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Sunday 18 March 2012: Swaledale Rollercoaster

I've enjoyed one of the very best rides I've ever had on a bike today, a grand tour of the Dales in conditions which, despite being a little chilly out of the sun, offered the most amazing light and skies for photography. The clouds were awesome again. I took over 350 pictures! Indeed, I spent so much time off the bike taking shots along the way that I didn't get back until it was almost dark. I went up the valley to Buckden, then over Kidstones and down Bishopsdale to Aysgarth, before taking the back road to Askrigg and climbing over the fells again to Muker in Swaledale. A short run down my very favourite Dale before climbing back over Buttertubs to Hawes and then the long haul over Fleet Moss to drop back down to Buckden. It was then as easy ride down the Wharfe valley (although far from flat!) in fading light to finally arrive home not much before 7pm. It came to a total of 92 miles from a bit under six and a half hours in the saddle.

Having had a quick look through my pictures I feel like I have some real gems. I could spend days playing around with them, but I actually have to do a bit of work this evening so I'm leaving all the arty ones for another time and have made a quick choice based on the best journal shot of the day. This is at the top of perhaps my favourite pass in the whole of the Dales. It's such a minor road that I don't even know if it has a name, but it joins Askrigg with Muker. After a steep pull of the best part of a thousand feet of climbing the road crests the rise (from where this was taken) and you get your first glimpse of Swaledale. I always feel a great sense of anticipation here. It's a bit like the feeling when you've racheted up to the top of a roller-coaster. This is the release point. From here it truly is a roller-coaster ride all the way down to the bottom of the valley. The road twists and turns and goes up again a few times in the middle of lots of down. It's a total thrilling experience.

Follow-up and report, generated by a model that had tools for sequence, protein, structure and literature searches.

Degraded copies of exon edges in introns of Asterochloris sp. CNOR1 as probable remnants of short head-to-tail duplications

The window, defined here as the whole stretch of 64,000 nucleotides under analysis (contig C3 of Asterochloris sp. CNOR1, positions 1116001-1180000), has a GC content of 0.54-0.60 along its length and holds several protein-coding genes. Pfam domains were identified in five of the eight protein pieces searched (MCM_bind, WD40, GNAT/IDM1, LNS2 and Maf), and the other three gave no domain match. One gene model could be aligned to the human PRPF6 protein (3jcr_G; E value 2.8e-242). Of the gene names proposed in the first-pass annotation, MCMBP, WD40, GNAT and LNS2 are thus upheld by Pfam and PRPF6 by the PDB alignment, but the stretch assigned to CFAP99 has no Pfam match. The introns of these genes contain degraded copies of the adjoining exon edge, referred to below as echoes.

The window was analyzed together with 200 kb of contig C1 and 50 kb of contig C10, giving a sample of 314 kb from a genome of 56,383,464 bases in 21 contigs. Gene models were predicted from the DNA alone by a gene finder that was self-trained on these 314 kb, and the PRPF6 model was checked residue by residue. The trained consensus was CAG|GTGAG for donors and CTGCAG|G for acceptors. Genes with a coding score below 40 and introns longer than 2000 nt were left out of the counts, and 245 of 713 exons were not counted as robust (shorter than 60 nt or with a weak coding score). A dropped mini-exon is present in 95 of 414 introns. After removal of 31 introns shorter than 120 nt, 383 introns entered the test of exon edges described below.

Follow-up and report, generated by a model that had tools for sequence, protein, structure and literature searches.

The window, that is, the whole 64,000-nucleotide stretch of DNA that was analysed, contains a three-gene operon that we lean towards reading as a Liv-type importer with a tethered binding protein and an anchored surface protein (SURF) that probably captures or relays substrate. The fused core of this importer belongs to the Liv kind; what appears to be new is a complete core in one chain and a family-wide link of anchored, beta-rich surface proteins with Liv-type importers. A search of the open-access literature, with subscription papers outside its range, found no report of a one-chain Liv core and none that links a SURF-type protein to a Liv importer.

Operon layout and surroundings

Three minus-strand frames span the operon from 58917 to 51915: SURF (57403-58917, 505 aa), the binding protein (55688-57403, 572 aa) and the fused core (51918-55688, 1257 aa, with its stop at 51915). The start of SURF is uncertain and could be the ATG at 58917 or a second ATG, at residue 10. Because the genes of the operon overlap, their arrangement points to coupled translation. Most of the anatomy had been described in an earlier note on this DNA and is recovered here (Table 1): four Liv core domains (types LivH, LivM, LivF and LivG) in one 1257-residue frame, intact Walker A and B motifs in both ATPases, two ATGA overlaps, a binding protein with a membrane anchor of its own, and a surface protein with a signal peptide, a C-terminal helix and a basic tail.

I started quite late this morning because the weather forecast suggested an improving kind of day, and they were spot on. I hoped to catch the evening light as I came down the valley from Kettlewell, and I certainly did. The most dramatic vista of all was by the turn off to Arncliffe, but the shot was spoiled by the fact that it started to hail just as I got the camera out! From there the light just got more and more intense. I'm not sure I've ever seen anything quite like it before. Low sun and dark brooding clouds. The trees and hillsides seemed to be glowing. Perhaps it's just that my eye is now better trained and I'm seeing more intensely. As I was taking a picture a dog-walker came by and I couldn't help effusing about the amazing quality of the light. She humoured me by saying that, "yes, it was quite nice", but it was clear that she thought I was distinctly odd!

But my fun continued further. A huge flock of gulls was reflecting the last of the sun, shining silver against the dark clouds. I had a visit from a mummy sheep with three totally adorable and tiny baby lambs. Then the sun set and everything started burning orange. The sky turned amazing colours. The whole day was simply magical. There really can be no more wonderful place to cycle in the entire world than this. It was quite perfect today and I'm sure I've never before been so 'involved' with a ride. I even managed to finish in really good form - despite actually having had very little to eat. Indeed, the entire route was ridden on two small spiced buns and a custard tart! Who needs all this hi-tech energy food?!

I must finish by thanking everyone for their favourites and stars and comments on The Cloud Factory. You've humbled me yet again. This looks set to be my second most popular blip ever after Reflecting on Thin Ice. I would never have guessed that a shot of a power station would win so many hearts. You guys rock. I've been feeling stoked all day ... as you can probably tell!

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